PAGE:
Foreign entrepreneurs pitch business ideas in Japan startup competition

by Kantaro Komiya

Contributing Writer

Amid increased efforts to help non-Japanese talent launch businesses in Japan to boost foreign investment and international competitiveness, the domestic startup scene saw a contest for entrepreneurs with an overseas background last week.

Hosted by Tokyo Star Bank Ltd., seven finalists from 48 contenders for the Foreign Entrepreneurs Business Plan Competition 2018, which the bank claims is the first of its kind, presented their business ideas on Wednesday in pursuit of a ¥1 million prize.

The grand prize went to Xianhe Zhang, CEO of 3DNest Inc., which provides 3D image scanning services.

Combining original 3D cameras and software, 3DNest said it can offer low-cost yet quality virtual views of apartment interiors and building structures for real estate and construction companies.

For an apartment, such a modeling service could cost over ¥1 million and take a week to make. But 3DNest can do it in 40 minutes at a cost of ¥20,000, according to Zhang.

The firm operates as the Japan office of Beijing-based startup Zhongqu Technology, which was founded in 2014. Zhang, a graduate of Kansai University, has been promoting its 3D modeling system in Japan.

“Bridging the interaction between Japan and China has been my aspiration since I came to Japan in 2005 as an international student,” Zhang said. “From now on, not only for business expansion, we hope to contribute to Japanese society with our technology.”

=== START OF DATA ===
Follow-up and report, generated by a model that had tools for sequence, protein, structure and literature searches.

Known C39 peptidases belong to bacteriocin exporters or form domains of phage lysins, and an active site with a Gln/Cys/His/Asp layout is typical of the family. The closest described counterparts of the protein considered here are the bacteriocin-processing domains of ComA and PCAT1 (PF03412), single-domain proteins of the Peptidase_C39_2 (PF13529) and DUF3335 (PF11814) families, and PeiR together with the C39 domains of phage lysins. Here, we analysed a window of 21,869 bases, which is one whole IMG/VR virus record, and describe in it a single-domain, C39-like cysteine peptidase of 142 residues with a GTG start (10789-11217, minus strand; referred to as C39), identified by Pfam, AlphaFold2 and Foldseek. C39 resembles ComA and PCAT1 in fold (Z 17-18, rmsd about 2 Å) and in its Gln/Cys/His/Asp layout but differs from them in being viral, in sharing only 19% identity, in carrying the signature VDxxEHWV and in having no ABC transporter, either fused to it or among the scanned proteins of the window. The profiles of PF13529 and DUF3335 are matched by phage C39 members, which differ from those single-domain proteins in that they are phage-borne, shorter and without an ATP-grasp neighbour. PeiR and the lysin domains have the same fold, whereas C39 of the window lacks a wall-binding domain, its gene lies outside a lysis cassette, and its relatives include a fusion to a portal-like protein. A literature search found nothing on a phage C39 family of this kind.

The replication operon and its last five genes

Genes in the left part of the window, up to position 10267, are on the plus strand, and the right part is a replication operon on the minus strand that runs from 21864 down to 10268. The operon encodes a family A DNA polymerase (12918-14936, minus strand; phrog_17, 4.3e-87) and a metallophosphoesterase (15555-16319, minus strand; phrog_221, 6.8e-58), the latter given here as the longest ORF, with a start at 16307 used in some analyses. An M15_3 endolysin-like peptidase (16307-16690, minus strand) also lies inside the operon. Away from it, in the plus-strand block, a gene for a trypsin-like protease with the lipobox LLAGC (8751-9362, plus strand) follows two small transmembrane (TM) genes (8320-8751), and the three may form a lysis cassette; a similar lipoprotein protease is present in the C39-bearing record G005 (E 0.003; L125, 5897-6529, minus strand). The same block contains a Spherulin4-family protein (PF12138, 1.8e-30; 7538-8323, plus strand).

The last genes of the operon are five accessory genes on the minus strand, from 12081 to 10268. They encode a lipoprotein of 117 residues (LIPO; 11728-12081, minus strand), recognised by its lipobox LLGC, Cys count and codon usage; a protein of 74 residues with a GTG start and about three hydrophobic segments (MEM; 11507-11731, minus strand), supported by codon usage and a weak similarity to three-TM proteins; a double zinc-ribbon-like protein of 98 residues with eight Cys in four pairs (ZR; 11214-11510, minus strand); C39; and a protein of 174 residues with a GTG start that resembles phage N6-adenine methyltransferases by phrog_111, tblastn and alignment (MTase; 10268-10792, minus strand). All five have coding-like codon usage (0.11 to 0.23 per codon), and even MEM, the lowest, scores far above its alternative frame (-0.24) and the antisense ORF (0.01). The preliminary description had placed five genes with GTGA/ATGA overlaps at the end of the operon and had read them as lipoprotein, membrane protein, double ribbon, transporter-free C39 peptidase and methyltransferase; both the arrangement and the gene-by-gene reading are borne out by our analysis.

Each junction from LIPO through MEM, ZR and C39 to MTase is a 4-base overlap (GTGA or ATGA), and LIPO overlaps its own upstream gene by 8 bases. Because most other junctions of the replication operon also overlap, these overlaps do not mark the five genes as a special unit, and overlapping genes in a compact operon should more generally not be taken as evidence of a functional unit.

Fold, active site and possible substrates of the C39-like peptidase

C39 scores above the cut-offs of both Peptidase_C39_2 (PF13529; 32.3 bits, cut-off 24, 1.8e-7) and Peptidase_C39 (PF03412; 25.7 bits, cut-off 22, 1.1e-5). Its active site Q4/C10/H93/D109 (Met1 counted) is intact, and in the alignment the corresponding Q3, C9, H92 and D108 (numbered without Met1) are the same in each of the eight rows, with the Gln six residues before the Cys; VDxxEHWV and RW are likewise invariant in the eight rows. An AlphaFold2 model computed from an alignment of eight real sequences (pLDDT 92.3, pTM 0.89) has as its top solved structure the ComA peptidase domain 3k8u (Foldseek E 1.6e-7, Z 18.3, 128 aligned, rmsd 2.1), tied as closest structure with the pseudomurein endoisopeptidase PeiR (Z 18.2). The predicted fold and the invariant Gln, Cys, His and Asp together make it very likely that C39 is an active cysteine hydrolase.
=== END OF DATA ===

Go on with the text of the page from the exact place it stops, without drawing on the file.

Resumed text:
The contest was open to non-Japanese entrepreneurs and Japanese born in other countries who have founded startups in the past five years.

The runner-up prize was awarded to Albert Okamura, the president of Tokyo-based One Visa Inc. Okamura, who came to Japan at the age of 8 with his Peruvian mother and Japanese father, once worked for the Tokyo Regional Immigration Bureau after his friend faced deportation.

One Visa offers online forms for drawing up complex immigration documents for individual newcomers, as well as Japanese companies hiring them, without the need to directly hire specialists, which is generally costly.

“We provide this product because I myself had troubles with visas,” Okamura said in a speech. “Our ultimate goal is to build a system where you can readily determine your eligibility to stay in every country without documentation troubles.”

The company is starting an open beta version this September and aims to expand the service to Japanese workers seeking foreign visas.

Alex Wang, CEO of Kawayuii Holdings Co., was presented the special award by the Chinese Chamber of Commerce in Japan for its online learning publications, which distribute lessons by illustrators, composers and culinary researchers in Japan.

Tokyo Star Bank CEO Seiji Sato, who was also a judge, stressed the significance of holding this kind of contest, citing the falling population and his belief that it is in the “national interest” to boost high-quality employment at home.

Sato added that ideas and actions based on the dual perspectives of foreigners in Japan “would be essential to the Japanese economy.”

The government has been eager to prompt non-Japanese entrepreneurs to start businesses here to boost foreign investment in Japan. For example, it aims to begin issuing one-year visas during this fiscal year for those preparing to launch a business.

As another motivation for sponsoring the competition, Sato mentioned Tokyo Star Bank’s unique status as the only Japanese bank affiliated with a foreign entity, the Taipei-based CTBC Bank Co.

The other four finalists pitched various services from mobile battery sharing to food tourism and health technology.

The six judges included representatives of Chinese and Taiwanese business associations in Japan, bank presidents and a university professor.